April 19, 2007
April 13, 2007

Curated by
Ruti Direktor

  • Group Exhibition

The exhibition whose title has been extracted from the kitchen, sets out to serve the terms “raw” and “cooked” as a proposal for art observation. The terms themselves were borrowed from French anthropologist Claude Lèvi-Strauss, who published his studies about Native-American mythology in the 1960s. The first in his four-volume Mythologiques series, The Raw and the Cooked explored myths pertaining to the transition from raw food to cooked food as a symbolic transition from nature to culture, as a formative phase toward civilization.

In recent decades, however, the status of the raw and the cooked has been undermined as binary concepts contrasting the wild and the civilized: the new raw (sushi of sorts, raw fish, steak Tartar, carpaccio…) is a challenging, sophisticated raw. As in the culinary context, it takes a refined and skilled palate to relish the unique qualities of the artistic raw, which is often embodied by minimalist or seemingly crude artistic manifestations, unprocessed, not done and not baked, as it were.

While binary thought is considered less and less relevant today, the beauty of the notions “raw” and “cooked” nevertheless remains intact, and their metaphorical nature still tempts one to apply them to other fields; to examine them in relation to art, and see where such a move leads: to speak in culinary terms while observing art.

The five artists participating in the exhibition present a wide spectrum of raw and cooked – through all degrees of fluidity and liquidness extending in between them. The “raw” instances are embodied by Orna Bromberg’s paintings, which appear child-like and entirely unmediated, as well as by Barak Ravitz’s videos and objects, which contain ostensibly minimal intervention on the part of the artist. Differentiated cases of “well-done” art, on the other hand, are found in Tal Shochat’s meticulously staged photographs (presented as a totality, as a casserole…), in Reuven Israel’s scrupulously-processed sculptural objects, and in Sima Meir’s Formica plates bearing embroidery patterns industriously painted in marker.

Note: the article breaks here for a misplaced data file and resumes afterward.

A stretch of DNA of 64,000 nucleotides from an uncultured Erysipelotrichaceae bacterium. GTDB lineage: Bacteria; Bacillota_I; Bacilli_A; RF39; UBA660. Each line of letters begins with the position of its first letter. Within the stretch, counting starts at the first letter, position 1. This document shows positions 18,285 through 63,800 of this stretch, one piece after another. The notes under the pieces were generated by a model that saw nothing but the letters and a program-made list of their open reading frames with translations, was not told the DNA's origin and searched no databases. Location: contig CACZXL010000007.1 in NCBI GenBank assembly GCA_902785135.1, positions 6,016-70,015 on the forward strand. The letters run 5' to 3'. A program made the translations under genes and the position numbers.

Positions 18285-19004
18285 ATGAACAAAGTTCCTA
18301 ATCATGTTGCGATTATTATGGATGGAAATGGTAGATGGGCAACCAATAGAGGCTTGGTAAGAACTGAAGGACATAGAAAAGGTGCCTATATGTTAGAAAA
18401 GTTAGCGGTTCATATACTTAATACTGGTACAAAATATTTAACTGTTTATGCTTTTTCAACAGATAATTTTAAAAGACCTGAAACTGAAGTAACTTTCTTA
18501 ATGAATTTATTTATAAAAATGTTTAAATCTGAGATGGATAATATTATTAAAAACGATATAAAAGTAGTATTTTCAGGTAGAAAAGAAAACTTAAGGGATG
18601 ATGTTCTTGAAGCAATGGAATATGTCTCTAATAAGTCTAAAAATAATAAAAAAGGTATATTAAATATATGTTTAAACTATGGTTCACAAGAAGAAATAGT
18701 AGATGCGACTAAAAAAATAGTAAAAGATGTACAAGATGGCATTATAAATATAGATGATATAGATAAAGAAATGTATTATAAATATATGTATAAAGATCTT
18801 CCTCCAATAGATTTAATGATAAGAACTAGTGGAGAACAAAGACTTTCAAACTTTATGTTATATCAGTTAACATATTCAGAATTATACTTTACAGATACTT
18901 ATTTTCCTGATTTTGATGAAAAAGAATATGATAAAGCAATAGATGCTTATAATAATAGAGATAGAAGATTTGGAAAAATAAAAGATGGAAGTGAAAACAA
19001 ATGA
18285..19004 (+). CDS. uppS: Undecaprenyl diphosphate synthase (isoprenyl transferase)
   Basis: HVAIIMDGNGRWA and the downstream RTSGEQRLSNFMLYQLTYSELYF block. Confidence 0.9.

Ultimately, as expected in contemporary manifestations of art that reject dichotomous thought patterns, the raw blends with the cooked, the simple looking is not at all such. The masquerading as something else disrupts the cleanliness of the binary pair, becoming the elusive common denominator of all the works in the exhibition.

Ruti Direktor

Selected Works:

Four girls and a bird, 2004

Walking girls and upside-down queen, 2001

A dancer and flowers, 2005

Exhibition Catalog:

Ruti Direktor

University of Haifa, Faculty of Humanities, The Art Gallery,
January 19, 2007